Dec 05, 2015 I Paul Seaburn

Death by Killer Monkeys on the Rise in India

If you open your door and catch an unexpected whiff of bananas and fur in the air, slam it shut and cover your head or you may be attacked by murderous brick-throwing monkeys. That’s what happened to a priest in India who was killed by a gang of monkeys dropping bricks on his head. What’s worse, this is just the latest in a string of monkey murders.

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Size doesn't matter as a small monkey chased a larger boy in India

It happened this week in Patna, a city in the state of Bihar in northeast India. Temple priest Munna Mishra was sweeping the path outside his home when monkeys threw bricks and stones at him from a terrace above the path. The priest was taken to a hospital where he died from his injuries.

What kind of monkeys would kill a priest? They’re most likely rhesus macaque monkeys which were once wild but have been urbanized by people who feed them bananas, peanuts and other foods on Tuesdays and Saturdays in honor of the Hindu god Hanuman. Unfortunately, urbanization doesn’t make the monkeys tame as they’re known to steal food, snatch clothing and bite.

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A temple honoring the Hindu god Hanuman in Delhi

And kill. Locals report that the priest was the third monkey fatality in the area in recent times and it's not just a problem in Bihar. In 2014, a woman in Shimla in northern India was killed when she tried to chase a gang of monkeys from her farm. In 2007, Delhi deputy mayor SS Bajwa died when he was attacked by a gang of monkeys and fell from his terrace while trying to escape. In 2012, a 14-year-old girl was seriously injured when monkeys attacked her and she fell from a five-story building.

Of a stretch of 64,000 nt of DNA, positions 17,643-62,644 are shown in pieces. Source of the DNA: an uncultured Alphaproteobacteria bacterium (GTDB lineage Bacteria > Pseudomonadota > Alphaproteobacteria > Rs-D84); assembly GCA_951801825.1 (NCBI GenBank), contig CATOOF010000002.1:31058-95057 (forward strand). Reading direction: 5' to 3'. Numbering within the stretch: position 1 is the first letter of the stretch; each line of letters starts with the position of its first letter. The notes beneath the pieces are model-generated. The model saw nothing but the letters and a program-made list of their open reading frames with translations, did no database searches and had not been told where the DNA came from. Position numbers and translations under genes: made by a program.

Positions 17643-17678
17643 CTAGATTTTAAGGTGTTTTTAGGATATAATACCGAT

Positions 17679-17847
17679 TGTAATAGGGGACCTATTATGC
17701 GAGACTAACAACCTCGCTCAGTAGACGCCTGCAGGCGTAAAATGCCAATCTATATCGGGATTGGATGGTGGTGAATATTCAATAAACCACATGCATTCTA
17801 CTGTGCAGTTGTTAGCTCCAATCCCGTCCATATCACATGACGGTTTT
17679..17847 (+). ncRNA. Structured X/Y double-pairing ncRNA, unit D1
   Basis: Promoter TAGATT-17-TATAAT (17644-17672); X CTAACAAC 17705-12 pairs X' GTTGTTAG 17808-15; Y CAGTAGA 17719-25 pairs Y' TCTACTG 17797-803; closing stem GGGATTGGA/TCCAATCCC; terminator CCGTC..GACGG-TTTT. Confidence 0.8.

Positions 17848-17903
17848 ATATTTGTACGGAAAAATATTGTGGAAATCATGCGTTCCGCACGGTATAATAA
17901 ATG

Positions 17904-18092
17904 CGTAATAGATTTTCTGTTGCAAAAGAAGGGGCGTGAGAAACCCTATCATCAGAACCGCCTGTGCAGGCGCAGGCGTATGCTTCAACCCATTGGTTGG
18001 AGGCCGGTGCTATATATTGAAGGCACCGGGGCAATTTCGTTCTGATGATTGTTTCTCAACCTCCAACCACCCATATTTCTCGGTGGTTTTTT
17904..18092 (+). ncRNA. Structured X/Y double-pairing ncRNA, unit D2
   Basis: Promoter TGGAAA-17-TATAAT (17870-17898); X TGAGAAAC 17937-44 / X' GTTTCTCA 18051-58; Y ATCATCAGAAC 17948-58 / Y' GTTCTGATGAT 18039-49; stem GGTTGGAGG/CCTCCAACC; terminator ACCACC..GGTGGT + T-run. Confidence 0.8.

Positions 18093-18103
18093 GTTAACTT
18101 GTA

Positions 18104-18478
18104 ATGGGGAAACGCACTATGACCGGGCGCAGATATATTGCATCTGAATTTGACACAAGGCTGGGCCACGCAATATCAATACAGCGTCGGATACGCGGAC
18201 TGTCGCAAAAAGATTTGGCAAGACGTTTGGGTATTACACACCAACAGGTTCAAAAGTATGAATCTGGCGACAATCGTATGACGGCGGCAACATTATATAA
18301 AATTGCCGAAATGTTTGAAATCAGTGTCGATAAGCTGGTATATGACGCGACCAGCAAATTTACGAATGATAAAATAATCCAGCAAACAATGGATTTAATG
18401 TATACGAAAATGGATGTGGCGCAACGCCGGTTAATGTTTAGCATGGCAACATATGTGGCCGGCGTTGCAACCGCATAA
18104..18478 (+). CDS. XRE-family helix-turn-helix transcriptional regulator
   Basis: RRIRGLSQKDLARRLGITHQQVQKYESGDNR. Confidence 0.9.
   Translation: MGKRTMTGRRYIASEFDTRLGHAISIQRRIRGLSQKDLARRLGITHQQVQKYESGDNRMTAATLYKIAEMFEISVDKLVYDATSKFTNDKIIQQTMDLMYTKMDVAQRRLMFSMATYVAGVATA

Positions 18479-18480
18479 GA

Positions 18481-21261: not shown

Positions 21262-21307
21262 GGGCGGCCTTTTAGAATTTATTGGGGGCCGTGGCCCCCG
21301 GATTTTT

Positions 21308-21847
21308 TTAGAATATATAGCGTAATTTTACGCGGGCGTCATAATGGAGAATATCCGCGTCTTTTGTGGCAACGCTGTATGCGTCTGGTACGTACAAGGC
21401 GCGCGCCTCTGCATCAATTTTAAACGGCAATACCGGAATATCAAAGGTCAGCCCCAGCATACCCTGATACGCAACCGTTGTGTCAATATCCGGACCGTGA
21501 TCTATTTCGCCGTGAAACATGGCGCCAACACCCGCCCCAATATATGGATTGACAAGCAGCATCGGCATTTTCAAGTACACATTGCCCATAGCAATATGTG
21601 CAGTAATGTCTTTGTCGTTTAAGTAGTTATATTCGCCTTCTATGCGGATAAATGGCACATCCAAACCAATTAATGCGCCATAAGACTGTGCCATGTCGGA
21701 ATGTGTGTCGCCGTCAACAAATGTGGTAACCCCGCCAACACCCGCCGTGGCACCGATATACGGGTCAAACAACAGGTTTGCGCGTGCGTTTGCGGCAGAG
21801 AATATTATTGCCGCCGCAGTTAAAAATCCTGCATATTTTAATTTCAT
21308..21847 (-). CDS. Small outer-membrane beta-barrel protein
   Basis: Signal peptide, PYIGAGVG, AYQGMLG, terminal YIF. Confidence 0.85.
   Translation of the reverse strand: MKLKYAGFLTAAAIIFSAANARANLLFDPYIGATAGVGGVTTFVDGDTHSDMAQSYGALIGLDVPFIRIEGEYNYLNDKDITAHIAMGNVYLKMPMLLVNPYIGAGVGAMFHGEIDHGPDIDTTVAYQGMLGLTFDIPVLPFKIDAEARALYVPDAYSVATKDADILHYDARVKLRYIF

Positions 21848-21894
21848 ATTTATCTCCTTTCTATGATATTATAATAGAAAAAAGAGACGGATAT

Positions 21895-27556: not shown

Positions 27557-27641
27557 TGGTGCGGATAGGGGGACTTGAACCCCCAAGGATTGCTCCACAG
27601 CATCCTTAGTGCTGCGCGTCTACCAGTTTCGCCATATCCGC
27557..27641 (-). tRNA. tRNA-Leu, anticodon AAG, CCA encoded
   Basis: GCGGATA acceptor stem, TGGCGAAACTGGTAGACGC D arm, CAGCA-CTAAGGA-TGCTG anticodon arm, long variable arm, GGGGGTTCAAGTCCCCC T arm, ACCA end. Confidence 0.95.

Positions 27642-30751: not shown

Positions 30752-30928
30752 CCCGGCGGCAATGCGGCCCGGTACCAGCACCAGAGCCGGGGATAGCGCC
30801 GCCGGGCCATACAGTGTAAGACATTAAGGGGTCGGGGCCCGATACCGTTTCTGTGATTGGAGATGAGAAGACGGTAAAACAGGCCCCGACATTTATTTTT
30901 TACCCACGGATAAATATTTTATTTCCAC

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Signs warning against monkey attacks are ineffective

Fighting the killer monkeys is a Planet of the Apes soap opera. Some local governments hire monkey catchers who use trained gray langurs – larger monkeys that are known enemies of rhesus macaques – to scare them away. This doesn’t always work – an elderly man was seriously attacked in 2014 by a langur. Towns that can’t afford the trainers have resorted to small men in langur costumes as an economical albeit feeble alternative.

This clash of religion, nature and budgets means there’s no simple solution to India’s murderous monkey mayhem.

Is there any way to escape from these killer simians? Maybe Charlton Heston’s approach was the best.

Paul Seaburn

Paul Seaburn is the editor at Mysterious Universe and its most prolific writer. He’s written for TV shows such as "The Tonight Show", "Politically Incorrect" and an award-winning children’s program. He's been published in “The New York Times" and "Huffington Post” and has co-authored numerous collections of trivia, puzzles and humor. His “What in the World!” podcast is a fun look at the latest weird and paranormal news, strange sports stories and odd trivia. Paul likes to add a bit of humor to each MU post he crafts. After all, the mysterious doesn't always have to be serious.

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